Being targeted for scams through email or even an odd online message is something most of us have experienced, but what if the message comes from a family member or friend? Even if it looks a little odd, is it still believable?
Unfortunately, this type of impersonation scam is happening more frequently and recently targeted a North Idaho family.
This story began when the family matriarch received a Facebook message from her granddaughter explaining that she had received a $50,000 trust from “The Trust Community Foundation.” The granddaughter added that she had to pay $1,500 to cover tax and clearance fees, and she urged the grandmother to get in on the act. The grandmother was, wisely, concerned it was a scam and began asking questions that the granddaughter answered via Messenger, saying she couldn’t communicate by phone. Worrying that her loved one was involved in a horrible scam, she contacted the Better Business Bureau and was advised it most likely was a fraud.
When the woman finally did get in touch with her granddaughter, she was told her Facebook account had been hacked and that none of the communication was hers. Unfortunately, this is a type of scam that happens more frequently than most would think.
In 2018, imposter scams were the most common complaint consumers reported to the Federal Trade Commission. Fortunately, no one in this story fell for the elaborate scheme and no one lost any money, but that isn’t always the case. Here are some tips to help you avoid getting caught up in this type of situation.
Be wary of online messages. A person may be trustworthy in real life, but online accounts can be hacked, and sometimes friends share things without checking them out first. Take a closer look before sharing, applying, or donating.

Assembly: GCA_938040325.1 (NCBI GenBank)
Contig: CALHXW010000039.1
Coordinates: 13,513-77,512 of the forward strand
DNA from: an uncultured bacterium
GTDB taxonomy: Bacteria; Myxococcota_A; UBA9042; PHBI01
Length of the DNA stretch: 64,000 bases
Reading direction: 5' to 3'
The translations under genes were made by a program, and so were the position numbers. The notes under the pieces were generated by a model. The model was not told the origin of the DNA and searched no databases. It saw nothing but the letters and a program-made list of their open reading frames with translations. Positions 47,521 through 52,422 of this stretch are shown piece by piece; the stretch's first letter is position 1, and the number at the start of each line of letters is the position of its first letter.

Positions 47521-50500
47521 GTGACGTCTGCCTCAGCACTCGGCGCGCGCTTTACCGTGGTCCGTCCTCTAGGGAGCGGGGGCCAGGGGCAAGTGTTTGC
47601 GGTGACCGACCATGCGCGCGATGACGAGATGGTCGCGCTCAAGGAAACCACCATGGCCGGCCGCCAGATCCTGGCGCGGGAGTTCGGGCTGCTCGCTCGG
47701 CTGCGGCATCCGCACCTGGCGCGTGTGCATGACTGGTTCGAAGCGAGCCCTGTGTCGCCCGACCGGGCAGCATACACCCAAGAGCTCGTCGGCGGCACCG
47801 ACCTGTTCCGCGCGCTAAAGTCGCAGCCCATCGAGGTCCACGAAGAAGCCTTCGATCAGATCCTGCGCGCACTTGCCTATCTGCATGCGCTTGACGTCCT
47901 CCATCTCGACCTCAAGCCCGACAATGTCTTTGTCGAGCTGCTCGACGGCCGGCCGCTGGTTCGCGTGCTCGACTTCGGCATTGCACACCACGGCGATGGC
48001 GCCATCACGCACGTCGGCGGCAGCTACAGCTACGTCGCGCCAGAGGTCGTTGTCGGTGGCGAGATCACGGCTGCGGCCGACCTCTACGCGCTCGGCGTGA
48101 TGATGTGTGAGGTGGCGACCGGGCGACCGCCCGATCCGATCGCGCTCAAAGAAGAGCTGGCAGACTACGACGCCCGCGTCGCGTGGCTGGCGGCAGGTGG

Do some research. Ask for the charity’s name and look it up. If you can’t find a website, it’s most likely a fake. If you can find a website, look for contact information (no contact info is a red flag).
Press for details. Ask questions to confirm you are actually talking to someone you know. Then, find out who runs the grant, where it’s from, how it works, and why you qualify. If your “friend” can’t give you straight answers, beware.
Report suspicious activity to Facebook. You can report scammers to Facebook to help protect your real friends and family from a scam. You can reduce the risk of having your profile impersonated by tightening up your privacy settings and hiding your Friends list. Do a “Privacy Checkup” by clicking on the question mark at the top of your Facebook home page.
If you have any questions or information about scams you have seen, please let us know and we’ll be happy to help!
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Jason can be reached at email@example.com or 208-493-2431. For more information on businesses and complaints, find the contact information for your closest office at https://www.bbb.org/local-bbb/bbb-northwest-pacific.